I recently spoke on The Hack program on ABC triple j radio about bisexuality and whether young people are more open to being bisexual.
This was a fascinating discussion that included calls into the station from people that identify as bisexual. They shared their experiences of being bisexual, including some of the biases and stereotypes they have been labelled with by friends and family.
Listen to the audio or read the transcript below to learn more about bisexuality.
I would say that I was bisexual, but I would say it so lightheartedly without any intention to act on it, because I thought that I would never be able to be in a relationship.
Just as gay people have been mistreated and misunderstood in the past, as we’ve just heard, bisexuals are also often misunderstood. Being bisexual means that you are sexually attracted to both men and women, and it’s a sexuality that lots of people don’t take seriously. The common perception is that female bisexuals are just experimenting, and that male bisexuals are gay, but don’t have the guts to admit it. According to our triple j listener survey of 10,000 people aged 18 to 30, around 1 in 10 people said they were bisexual, which is way more than the overall population, which is around 1% for men and 2% for women. Our survey also found that women are more likely to report as being bi.
So, why are young people more likely to say they’re bisexual? Are our attitudes changing, or is it about experimentation? If a person you were dating ever came up to you and said, “Hey, I’ve got to tell you something, I’m bisexual.” How would you react? Love to hear from you. Give me a call. 1-300 0555 36, 1-300 0555 36.
All right, I want you to meet Sasha. She’s telling Sarah McVeigh what it’s like to be bisexual.
Sasha: I think I begun to realise in high school, but I feel like I didn’t fully realise that it was actually bisexuality. I just kind of knew that I was different to most people in some aspect.
Sarah McVeigh: Sasha’s 20 years old, and one of the 11.4% of triple j listeners who say they’re bisexual, though she’s not too keen on labels.
Sasha: I come out and say that I’m attracted to women and men, people are like, “But what do you mean? Which one? Do you like …” I was gonna say the terms, but I won’t say the terms.
Sarah McVeigh: What do you mean the terms?
Sasha: Well, like they would say like, “Do you like dick or pussy?” And I would be like, “It’s not about that. It’s not about the sex. It’s about the person.” But a lot of people, because they are one way or the other, they’re black or they’re white, they don’t understand gray.
Sarah McVeigh: Sasha always had boyfriends in high school. At 16, she hooked up with her best friend.
Sasha: I was with a male, and I was in high school, and I was at a party, and I had this best friend that we had been through so many unexplainable feelings together, like as if we we’re different from everybody else, and I was just intoxicated enough to kiss her.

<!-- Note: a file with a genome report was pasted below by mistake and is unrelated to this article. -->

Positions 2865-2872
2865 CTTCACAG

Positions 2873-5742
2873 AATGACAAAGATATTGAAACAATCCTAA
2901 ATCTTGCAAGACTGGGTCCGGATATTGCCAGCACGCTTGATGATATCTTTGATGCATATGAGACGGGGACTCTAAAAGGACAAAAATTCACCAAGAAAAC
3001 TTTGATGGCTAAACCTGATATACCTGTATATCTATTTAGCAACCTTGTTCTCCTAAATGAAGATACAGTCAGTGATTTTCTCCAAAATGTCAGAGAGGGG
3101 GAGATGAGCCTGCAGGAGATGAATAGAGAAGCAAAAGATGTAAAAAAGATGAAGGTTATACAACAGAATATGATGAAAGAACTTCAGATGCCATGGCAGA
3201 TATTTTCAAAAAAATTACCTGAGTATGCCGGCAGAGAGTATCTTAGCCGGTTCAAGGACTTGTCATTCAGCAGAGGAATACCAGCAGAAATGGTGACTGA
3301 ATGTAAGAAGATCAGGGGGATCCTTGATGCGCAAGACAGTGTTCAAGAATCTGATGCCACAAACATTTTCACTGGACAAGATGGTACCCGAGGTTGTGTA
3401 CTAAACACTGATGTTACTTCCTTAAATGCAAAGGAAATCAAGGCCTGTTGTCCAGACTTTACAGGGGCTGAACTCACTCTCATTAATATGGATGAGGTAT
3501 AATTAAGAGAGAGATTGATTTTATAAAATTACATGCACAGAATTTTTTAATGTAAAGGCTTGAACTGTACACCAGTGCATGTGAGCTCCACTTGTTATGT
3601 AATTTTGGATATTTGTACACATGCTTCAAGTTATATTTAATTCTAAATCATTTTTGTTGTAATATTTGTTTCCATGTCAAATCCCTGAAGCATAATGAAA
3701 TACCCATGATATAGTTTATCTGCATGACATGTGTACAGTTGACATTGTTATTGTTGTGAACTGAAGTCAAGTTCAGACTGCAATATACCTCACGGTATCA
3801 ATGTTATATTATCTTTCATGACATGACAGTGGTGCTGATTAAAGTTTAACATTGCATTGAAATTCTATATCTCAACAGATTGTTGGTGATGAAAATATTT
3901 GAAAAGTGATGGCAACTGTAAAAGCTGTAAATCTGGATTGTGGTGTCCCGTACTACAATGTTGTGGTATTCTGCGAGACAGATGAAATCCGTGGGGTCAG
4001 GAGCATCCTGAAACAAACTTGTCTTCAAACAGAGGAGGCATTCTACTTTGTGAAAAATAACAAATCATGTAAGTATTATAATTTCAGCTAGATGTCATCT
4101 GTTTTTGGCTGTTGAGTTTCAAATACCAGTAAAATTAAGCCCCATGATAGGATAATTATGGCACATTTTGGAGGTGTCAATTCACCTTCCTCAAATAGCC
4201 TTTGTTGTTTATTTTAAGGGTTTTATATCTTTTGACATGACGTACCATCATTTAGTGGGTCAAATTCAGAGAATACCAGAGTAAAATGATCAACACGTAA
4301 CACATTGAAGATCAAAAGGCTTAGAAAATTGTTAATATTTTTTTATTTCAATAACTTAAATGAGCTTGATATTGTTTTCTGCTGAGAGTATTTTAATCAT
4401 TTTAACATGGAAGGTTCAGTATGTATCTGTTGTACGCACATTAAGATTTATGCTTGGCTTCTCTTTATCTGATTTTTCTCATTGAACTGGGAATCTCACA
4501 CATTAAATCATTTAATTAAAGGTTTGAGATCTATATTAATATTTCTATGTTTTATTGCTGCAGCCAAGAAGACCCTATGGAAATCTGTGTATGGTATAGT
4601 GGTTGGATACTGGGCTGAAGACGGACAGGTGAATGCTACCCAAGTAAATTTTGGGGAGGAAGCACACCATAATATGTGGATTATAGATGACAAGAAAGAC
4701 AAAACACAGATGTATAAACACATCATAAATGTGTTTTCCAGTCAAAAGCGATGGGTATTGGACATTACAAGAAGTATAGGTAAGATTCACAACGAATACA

Sarah McVeigh: Lots of girls, lots of hetero girls hook up with girls when they’re drunk at parties.
Sasha: It’s definitely different. You can definitely kiss your best friend, or your girlfriend, or a random hot chick at a club without it meaning that you’re bisexual, but I think when you go home and you’re still thinking about it, or it’s still resonating within you the next day, I think that’s when you know that you’re not just straight.
Sarah McVeigh: Sasha’s boyfriend found out and was really upset.
Sasha: So, I put those feelings away for a long time. I would say that I was bisexual, but I would say it so lightheartedly without any intention to act on it, because I thought that I would never be able to be in a relationship with a female in an intimate relationship.
Clinton Power: Bisexuality is about the ability to be able to have love and/or sex relationships with either gender, so male or female.
Sarah McVeigh: Clinton Power is a relationships counsellor who works with lots of LGBT clients.
Clinton Power: Certainly what I’m seeing in my clinical practice is there are many more young people who are really … they’re not hung up on labels, for a start, so they’re really happy not to even identify as gay, or bi, or straight.
Sarah McVeigh: So is it that young people are more open about our sexuality than previous generations? The Australian study of Health and Relationships, which is a survey of 20,000 men and women age 16 to 69, found that just 1.1% of men and 2.2.% of women identify as bi. That’s compared with 11.4% of triple j listeners, but Clinton says while more young people than ever are identifying as bi, there’s still stigmas associated with it.
Clinton Power: I think one of the biggest ones is what is often known as bi-erasure. People believe that bisexuality doesn’t really exist. They think that it’s someone just in a stage, or they’re confused, they haven’t made up their mind. They’re either straight or they’re gay, but they haven’t really decided.
Sasha: I just feel like there’s such a stigma around bisexuality.